Microsoft has announced is offering the public a free trial of its upcoming Windows 8 operating system from today.
Windows 8 will run on tablets as well as desktops and laptops – and is a sea-change for Windows that is seen as a make-or-break opportunity for Microsoft.
Tablets and cloud computing have made Bill Gates’ vision of “a computer on every desk and in every home” seem quaint – Windows 8 aims to adapt the iconic operating system for life in the mobile world of tablets.
Windows 8 will come in two variations, one that works on desktops and laptops, and a new version for the ARM microprocessors in tablets, smartphones and other portable devices.
There is no set release date, but it’s widely expected to be available in autumn – offering Microsoft Office free on tablets, which could be a “killer app” that puts Windows 8 machines ahead of Apple devices.
In both versions, Windows 8 features a completely new interface, borrowed from what Microsoft calls the “Metro” style of the current Windows Phone software.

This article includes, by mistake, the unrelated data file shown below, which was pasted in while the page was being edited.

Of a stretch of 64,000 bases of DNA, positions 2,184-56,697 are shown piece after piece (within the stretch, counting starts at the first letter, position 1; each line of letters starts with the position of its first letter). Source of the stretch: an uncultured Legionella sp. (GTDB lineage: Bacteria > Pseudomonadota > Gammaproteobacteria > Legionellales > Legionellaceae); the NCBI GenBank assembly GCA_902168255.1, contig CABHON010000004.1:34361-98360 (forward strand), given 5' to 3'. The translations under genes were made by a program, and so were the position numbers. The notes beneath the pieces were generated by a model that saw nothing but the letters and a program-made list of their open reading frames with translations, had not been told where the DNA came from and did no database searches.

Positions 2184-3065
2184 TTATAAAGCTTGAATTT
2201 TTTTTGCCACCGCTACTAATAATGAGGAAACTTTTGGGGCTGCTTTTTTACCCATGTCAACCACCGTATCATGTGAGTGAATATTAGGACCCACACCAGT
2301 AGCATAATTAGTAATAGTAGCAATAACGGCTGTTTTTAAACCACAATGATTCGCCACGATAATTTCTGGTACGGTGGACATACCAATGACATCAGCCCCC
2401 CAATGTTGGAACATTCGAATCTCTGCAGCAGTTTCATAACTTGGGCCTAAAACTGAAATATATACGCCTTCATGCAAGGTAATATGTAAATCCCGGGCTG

Download Windows 8 free trial version from here.
Early reactions have been highly positive.
Microsoft is also opening an Internet “Windows Store” where users can download applications for the operating system.
Applications are free for those testing out the beta version, but would include both free and paid versions after the operating system is released.
The test version was downloaded by people from more than 70 countries as Microsoft gave its presentation about Windows 8, but the company didn’t immediately disclose the number of downloads.
Windows 8 Features
Touchscreen compatible – the new OS will work with tablets and portable devices. There will also be a version for PC’s.
Fewer windows – instead of “stacks” of windows, as in previous versions, the OS is built around clean ’tiles’ that deliver information to the home screen.
Free versions of Word, Excel and Powerpoint – Windows 8 will offer Office free to tablet users.
Business-friendly tablets – Windows 8 will work smoothly with Microsoft Exchange email systems, so could be highly popular with business.
Apps shared with phones – apps in Windows 8 will be built to work smoothly with phones (such as Nokia’s) running Microsoft’s Windows Phone OS.
Easier passwords – users will be able to unlock PCs with a PIN, or by circling details in a picture.
No Start button – instead, users will access a menu from a “hot corner” in the bottom left of the screen.